Davis doesn’t perform well in debates and he isn’t warm and fuzzy. The more he’s seen by voters, the less they like him. I’ve seen him debate in person on several occasions, and he’s just lousy at it. So, it’s no surprise that he pulled out of Channel 2’s “debate” today. The GOP lashed him over it, saying he can’t “be trusted” or some such nonsense.

Then yesterday evening, at David Bellavia’s event to endorse Jack Davis (and, in turn, begin his epic life’s work to motherf*ck Nick Langworthy and Chris Grant), the GOP sent someone to harass him (it worked well with the Mike Madigan video a few weeks ago).

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This is edited down to high heaven and you can’t figure out what’s happening, why it happened, or who’s harassing Jack. I don’t see Jack hitting anyone in this video, but someone off-screen shoves the cameraman who dramatically grunts for effect. A lot of shaky camerawork and bad acting. I’d like to see this within context, unedited. The Davis campaign should hire someone to track its trackers.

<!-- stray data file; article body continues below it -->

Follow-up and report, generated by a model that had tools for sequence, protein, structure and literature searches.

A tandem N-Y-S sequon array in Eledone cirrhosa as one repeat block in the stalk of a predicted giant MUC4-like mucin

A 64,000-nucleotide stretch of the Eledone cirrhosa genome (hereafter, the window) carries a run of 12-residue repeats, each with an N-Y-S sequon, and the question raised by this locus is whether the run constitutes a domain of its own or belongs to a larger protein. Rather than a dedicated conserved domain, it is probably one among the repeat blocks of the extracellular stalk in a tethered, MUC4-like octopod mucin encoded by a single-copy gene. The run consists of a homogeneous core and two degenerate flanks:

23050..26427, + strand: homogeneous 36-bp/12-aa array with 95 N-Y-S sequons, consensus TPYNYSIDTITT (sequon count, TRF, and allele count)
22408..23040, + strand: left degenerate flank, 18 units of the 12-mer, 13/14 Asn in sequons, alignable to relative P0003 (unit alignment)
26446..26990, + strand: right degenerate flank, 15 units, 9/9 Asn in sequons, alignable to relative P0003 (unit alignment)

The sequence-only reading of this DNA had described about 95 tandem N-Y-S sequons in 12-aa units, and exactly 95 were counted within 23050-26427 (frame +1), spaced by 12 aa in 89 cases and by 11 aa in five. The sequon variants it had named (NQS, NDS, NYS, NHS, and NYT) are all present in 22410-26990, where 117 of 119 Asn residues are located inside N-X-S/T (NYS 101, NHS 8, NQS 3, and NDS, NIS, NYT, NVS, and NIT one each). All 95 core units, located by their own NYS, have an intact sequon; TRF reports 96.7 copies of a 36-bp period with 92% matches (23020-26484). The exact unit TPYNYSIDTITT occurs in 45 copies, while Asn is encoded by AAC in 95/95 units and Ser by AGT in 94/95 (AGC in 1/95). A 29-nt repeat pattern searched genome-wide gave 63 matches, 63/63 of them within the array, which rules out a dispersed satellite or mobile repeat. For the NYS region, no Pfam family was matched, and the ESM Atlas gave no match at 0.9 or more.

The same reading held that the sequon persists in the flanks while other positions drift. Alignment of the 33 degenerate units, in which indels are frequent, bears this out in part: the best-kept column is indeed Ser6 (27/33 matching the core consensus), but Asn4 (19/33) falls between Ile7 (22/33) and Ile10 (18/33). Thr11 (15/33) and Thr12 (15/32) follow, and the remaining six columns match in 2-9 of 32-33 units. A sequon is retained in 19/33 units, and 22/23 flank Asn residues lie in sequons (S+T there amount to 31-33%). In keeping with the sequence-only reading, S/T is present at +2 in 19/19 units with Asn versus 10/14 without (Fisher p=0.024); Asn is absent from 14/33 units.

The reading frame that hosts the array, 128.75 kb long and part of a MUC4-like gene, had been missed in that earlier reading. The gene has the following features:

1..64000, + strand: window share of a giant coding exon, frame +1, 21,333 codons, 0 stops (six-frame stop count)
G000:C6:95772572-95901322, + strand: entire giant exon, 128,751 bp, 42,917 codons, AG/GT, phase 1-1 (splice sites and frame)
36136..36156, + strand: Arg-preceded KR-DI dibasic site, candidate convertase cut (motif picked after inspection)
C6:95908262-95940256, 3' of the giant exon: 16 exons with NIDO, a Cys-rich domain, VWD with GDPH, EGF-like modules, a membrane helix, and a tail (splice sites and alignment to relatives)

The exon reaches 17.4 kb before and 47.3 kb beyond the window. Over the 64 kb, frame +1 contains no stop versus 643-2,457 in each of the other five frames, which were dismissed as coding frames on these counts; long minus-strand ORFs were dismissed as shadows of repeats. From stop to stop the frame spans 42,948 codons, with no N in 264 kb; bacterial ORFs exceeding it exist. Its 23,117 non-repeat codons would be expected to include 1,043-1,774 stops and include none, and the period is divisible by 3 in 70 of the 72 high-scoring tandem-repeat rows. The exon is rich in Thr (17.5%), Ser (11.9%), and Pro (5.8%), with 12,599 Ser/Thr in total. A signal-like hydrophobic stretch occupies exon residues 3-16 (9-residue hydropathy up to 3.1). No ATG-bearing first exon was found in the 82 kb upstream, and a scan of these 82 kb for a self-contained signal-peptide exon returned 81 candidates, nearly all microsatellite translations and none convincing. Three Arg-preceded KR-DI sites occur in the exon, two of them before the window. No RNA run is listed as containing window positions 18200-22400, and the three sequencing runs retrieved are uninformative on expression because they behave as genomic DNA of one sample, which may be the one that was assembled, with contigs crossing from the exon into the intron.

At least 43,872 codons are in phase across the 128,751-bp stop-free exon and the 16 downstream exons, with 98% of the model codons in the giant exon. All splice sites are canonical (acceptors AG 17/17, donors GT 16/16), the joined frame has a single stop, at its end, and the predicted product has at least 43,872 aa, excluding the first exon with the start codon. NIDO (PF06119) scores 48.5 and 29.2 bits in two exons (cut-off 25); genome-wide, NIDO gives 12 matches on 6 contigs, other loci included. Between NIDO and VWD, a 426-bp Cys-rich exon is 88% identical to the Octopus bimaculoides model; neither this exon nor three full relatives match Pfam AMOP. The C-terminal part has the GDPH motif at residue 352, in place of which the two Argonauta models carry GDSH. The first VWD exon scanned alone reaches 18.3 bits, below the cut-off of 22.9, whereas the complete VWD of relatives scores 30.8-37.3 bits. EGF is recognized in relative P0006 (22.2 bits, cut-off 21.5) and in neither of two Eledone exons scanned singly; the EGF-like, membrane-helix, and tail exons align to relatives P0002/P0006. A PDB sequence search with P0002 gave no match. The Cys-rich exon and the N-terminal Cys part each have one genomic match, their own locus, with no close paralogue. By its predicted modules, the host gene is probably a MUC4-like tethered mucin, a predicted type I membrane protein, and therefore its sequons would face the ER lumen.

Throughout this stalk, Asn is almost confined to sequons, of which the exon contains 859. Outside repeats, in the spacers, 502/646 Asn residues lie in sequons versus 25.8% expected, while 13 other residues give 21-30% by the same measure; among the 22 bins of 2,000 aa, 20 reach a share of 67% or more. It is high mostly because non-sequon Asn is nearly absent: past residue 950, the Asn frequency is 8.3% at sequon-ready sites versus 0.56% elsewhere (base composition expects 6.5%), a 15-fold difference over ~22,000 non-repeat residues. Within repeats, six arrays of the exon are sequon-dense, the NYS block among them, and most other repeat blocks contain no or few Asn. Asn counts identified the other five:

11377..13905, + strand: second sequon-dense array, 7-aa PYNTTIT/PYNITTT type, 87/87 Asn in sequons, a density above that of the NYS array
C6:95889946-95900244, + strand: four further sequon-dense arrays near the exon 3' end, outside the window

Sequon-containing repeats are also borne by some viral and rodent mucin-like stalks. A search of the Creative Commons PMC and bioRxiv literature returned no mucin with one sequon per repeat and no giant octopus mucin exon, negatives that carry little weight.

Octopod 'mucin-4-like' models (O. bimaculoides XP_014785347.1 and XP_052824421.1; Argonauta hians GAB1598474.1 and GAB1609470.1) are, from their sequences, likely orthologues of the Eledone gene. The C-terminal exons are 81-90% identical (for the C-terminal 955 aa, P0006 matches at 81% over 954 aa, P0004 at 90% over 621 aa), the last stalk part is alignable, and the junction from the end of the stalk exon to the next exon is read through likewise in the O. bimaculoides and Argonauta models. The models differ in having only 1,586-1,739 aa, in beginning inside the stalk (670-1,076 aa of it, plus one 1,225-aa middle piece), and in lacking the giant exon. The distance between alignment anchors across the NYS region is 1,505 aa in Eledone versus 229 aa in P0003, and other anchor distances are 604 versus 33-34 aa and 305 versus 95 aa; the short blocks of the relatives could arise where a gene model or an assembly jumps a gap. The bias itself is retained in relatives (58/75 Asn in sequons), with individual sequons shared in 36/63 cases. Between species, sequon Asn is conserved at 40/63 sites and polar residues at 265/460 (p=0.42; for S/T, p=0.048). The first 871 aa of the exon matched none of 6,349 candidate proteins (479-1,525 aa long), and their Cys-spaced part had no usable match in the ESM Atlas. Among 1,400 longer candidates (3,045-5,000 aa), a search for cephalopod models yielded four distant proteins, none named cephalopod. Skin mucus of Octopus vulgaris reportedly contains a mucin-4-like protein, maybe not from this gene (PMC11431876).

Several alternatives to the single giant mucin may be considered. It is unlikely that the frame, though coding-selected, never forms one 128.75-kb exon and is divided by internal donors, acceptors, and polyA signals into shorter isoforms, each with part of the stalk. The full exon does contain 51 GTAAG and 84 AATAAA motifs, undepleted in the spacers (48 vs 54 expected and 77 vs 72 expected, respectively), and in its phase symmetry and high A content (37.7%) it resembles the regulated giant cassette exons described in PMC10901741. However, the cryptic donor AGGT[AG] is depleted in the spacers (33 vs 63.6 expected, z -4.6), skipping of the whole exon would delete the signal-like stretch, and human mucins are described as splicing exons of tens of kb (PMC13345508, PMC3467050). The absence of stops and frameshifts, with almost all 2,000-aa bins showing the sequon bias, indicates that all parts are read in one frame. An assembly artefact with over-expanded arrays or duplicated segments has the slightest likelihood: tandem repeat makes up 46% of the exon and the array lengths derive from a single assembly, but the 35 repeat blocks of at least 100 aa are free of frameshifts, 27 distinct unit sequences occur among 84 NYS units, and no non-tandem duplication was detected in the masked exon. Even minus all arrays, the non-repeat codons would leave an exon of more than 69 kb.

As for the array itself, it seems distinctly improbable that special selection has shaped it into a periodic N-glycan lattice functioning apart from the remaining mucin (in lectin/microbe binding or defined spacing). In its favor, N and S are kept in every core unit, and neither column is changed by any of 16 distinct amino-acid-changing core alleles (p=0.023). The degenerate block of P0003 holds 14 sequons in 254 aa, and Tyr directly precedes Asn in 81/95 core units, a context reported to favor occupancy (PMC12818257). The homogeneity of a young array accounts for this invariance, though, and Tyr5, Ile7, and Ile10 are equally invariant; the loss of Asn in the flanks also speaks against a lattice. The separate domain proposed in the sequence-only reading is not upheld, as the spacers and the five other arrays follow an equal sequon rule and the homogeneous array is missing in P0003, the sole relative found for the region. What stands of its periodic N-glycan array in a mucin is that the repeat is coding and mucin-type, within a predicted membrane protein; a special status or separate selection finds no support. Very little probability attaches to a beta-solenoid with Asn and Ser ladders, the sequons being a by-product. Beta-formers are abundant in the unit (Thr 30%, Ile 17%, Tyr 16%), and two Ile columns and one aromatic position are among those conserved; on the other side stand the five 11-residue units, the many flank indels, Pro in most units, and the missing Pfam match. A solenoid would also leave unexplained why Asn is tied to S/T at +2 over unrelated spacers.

David Bellavia tweeted:

The tweet has since been removed changed (UPDATE).

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And a similar sentiment was posted to his Facebook page:

The Corwin campaign is desperate because its candidate came out in favor of obliterating Medicare, has a thin resume, is lying about her resume, is something of an empty container spouting GOP talking points, and is otherwise not thought of either negatively or positively in the region. By contrast, people either love or hate Davis, and most people think Hochul is the bee’s knees.